Brandau's policy with State Farm denies coverage for intentional acts such as those pled in the underlying complaints in three different ways. First, in the part of the policy titled Section II, Coverage LPersonal Liability, Brandau's homeowner's policy indirectly excludes acts such as those taken by Brandau by indicating only accidental incidents are covered. The State Farm policy states that an insured will be defended and indemnified for claims of bodily injury caused by an "occurrence," which, in the Definition section of the policy under number 7, is defined as an "accident." See State Farm's Exhibit D at 15 and 2. The plain meaning of the word "accident" cannot be read to include incidents such as those pled in the underlying complaints. Brandau's behavior, as alleged by Dalrymple and Thompson, is far from an accident. Rather, grabbing someone by the throat and finger, breaking the finger, and shooting two people multiple times is the behavior of one who acts with specific intention to injure other people. See, e.g., Fischer at *9 (finding the grabbing of one's neck intentional).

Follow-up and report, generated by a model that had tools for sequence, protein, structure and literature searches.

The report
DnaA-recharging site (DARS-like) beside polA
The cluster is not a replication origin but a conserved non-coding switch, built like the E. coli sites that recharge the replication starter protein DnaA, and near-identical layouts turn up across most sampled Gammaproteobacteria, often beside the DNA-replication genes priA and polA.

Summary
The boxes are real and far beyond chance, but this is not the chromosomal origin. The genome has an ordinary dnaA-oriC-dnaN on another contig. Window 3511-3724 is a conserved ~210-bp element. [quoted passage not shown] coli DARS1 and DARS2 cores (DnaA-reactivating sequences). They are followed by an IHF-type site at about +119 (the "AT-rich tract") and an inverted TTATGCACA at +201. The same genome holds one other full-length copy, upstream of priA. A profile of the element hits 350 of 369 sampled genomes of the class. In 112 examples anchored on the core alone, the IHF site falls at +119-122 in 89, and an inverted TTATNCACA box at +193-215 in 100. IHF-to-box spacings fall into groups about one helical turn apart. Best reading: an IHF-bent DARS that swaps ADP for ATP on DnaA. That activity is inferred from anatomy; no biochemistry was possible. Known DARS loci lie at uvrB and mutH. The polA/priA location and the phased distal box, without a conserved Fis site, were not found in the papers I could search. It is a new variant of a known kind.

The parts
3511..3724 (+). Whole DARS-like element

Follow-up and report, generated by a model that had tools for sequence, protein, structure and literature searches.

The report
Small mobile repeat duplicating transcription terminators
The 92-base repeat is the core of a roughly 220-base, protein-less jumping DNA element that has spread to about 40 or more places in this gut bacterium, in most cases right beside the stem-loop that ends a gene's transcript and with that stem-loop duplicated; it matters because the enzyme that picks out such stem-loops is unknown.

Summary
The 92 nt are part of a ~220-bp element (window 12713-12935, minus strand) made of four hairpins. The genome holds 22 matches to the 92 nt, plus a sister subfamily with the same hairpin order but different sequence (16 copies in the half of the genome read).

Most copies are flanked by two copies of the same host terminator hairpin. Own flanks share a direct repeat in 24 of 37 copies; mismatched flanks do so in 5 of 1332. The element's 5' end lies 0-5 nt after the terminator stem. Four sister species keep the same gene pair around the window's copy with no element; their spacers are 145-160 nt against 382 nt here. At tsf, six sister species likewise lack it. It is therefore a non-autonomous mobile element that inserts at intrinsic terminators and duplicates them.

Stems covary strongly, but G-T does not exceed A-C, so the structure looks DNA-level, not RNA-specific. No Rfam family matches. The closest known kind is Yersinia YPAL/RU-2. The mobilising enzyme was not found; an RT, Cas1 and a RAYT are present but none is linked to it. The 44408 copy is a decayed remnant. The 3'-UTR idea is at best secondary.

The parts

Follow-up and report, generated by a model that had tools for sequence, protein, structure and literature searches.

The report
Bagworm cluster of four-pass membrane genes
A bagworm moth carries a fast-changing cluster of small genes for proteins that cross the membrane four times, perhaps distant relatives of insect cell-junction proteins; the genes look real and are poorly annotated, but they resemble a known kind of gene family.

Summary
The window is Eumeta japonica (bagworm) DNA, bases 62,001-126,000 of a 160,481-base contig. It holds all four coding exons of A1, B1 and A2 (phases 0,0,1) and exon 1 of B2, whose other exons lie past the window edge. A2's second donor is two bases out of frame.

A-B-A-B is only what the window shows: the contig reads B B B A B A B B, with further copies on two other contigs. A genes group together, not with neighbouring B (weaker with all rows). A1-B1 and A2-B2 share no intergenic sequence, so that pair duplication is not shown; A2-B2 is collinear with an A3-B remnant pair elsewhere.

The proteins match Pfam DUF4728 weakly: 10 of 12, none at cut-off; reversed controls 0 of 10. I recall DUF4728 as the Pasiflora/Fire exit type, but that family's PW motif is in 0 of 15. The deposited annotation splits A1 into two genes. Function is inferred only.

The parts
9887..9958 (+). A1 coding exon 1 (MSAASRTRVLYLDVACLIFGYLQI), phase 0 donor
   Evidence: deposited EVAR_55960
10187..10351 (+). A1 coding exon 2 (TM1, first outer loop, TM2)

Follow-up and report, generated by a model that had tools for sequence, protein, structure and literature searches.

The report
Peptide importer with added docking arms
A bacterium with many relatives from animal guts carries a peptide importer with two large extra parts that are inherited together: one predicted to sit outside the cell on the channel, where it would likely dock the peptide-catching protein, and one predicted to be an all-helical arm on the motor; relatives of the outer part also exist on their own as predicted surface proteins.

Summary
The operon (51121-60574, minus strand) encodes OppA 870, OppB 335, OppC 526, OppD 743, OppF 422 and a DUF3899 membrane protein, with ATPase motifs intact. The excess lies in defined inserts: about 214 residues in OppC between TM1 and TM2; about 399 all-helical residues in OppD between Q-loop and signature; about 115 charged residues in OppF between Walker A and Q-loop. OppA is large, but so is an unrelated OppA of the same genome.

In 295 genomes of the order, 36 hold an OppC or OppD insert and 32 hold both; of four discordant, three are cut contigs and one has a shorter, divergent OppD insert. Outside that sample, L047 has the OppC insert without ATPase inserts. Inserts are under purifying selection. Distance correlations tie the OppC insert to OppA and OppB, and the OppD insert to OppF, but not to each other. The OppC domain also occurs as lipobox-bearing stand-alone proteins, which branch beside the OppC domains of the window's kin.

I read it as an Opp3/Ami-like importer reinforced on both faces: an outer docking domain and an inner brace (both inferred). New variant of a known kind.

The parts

Second, in Section IIExclusions (1) (a) (1), the policy more directly precludes Brandau from being covered for Dalrymple's and Thompson's claims. It reads, "Coverage L ... [does] not apply to bodily injury or property damage which is either expected or intended by the insured." See State Farm's Exhibit D at 16. As stated supra, the Court finds that the facts as pled in both the First Complaint and the Second Complaint regarding Brandau's behavior that led to Dalrymple's and Thompson's injuries ring of intentional conduct. Thus, this part of the policy is invoked and coverage is properly denied.